In the Matchmaking Business, You Need to Go the Extra 3,000 Miles
Be sure to wear some flowers in your hair, ladies.
In the latest innovation in the booming matchmaking industry, The Dating Ring, a group-dating startup based in Brooklyn, New York, is setting up a Memorial Day weekend trip for New York City-based women to meet men in San Francisco. The project is aimed to solve the "numbers problem" in the dating world: New York City has 100,000 more single women between the ages of 21 and 40 than men in that demographic, while San Francisco has 40,000 more datable men than women, according to the company's website.
The startup, part of Y Combinator's winter 2014 class, is trying to raise $10,000 on Crowdtilt to fly ladies from the Big Apple to meet tech-loving gentlemen by the bay. Funding a dater to come from New York costs between $500 and $1,250 for transportation, housing, date-coaching sessions, as well as group dates and cocktail parties. Locals pay up to $350, depending on the events they attend.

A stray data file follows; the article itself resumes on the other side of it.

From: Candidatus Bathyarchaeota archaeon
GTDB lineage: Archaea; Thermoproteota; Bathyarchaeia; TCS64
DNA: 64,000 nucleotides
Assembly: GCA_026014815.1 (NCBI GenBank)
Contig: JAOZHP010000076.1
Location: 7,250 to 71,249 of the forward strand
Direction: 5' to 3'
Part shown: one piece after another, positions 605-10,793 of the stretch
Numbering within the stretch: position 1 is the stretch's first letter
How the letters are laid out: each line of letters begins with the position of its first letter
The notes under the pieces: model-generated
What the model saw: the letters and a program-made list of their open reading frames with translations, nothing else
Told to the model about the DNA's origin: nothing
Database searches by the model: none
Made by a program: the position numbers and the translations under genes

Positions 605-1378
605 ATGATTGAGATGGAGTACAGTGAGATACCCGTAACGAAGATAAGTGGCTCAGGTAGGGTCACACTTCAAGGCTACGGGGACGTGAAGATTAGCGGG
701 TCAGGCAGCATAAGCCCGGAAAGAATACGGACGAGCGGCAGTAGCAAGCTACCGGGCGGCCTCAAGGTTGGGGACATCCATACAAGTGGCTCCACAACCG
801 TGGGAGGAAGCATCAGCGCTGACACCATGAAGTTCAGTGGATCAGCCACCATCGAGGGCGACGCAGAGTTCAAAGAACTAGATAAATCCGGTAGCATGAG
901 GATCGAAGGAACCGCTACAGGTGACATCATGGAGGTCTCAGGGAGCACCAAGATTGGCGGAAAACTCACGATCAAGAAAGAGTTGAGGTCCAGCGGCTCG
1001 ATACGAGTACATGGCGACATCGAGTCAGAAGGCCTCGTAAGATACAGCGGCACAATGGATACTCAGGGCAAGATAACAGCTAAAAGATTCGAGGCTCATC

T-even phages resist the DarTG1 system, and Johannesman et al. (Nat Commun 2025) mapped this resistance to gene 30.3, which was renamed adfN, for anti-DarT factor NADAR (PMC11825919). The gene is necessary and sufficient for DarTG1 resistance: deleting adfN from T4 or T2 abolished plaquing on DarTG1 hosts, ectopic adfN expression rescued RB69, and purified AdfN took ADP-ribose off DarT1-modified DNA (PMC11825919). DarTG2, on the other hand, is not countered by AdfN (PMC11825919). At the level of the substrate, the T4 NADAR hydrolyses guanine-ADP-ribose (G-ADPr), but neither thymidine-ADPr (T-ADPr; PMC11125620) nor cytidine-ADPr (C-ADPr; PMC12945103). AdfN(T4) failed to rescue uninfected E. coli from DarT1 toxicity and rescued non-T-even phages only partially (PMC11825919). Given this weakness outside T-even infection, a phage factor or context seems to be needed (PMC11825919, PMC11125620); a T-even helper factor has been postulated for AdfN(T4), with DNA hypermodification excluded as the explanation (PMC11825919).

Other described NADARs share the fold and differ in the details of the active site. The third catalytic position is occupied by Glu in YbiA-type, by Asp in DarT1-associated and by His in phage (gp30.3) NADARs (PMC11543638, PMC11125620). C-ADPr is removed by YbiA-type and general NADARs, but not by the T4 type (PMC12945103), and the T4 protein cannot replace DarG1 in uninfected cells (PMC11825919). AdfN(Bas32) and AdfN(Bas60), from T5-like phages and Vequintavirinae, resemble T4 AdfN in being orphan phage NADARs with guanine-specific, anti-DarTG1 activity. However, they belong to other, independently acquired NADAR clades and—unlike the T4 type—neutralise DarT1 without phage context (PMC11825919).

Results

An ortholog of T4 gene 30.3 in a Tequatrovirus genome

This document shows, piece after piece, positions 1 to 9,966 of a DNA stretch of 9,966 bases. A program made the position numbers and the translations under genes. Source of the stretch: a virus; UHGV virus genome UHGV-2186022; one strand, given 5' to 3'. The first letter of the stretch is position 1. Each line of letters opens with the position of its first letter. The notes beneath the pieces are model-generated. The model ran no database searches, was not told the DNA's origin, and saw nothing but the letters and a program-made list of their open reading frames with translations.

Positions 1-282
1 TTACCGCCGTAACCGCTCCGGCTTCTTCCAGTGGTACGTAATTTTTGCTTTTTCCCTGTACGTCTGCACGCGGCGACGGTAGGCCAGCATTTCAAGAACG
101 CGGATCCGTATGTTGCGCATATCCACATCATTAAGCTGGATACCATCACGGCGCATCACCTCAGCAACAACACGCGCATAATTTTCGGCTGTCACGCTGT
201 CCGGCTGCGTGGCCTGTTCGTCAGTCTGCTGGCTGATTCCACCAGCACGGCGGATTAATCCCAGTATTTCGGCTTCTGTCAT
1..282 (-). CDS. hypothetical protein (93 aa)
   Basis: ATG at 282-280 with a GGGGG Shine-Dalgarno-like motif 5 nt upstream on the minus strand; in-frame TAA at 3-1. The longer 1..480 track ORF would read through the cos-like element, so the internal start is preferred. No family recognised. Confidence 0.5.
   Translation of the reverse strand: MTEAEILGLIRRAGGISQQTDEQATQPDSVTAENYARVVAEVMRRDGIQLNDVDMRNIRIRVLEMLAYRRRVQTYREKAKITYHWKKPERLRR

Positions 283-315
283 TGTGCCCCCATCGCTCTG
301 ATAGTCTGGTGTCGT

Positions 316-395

Lauren Kay, The Dating Ring's founder, launched the service last spring in New York; it has since expanded to San Francisco and expects to move into Los Angeles and Boston soon. The company typically charges $25 per person to meet with a matchmaker, and then an additional fee to connect the dater with other single men and women for a group meetup at a bar.
The company does "away with online profiles and messages and wasting time online," Kay writes on her site. The group date is a move to replicate what happens in the real world--friends meet at a bar--instead of scouring the Internet. The cross-country jet-setting dating project is set to make "dating fun again," Kay writes.
The company also has kicked off a second campaign, to bring men from San Francisco to meet women in New York in June.
WILL YAKOWICZ | Staff Writer | Reporter, Inc.com
Will Yakowicz is a staff writer for Inc. magazine. He has covered business, crime, and local politics for The Brooklyn Paper and was the editor of Park Slope Patch. He has also reported in the West Bank and Moscow for Tablet Magazine. He lives in Brooklyn, New York.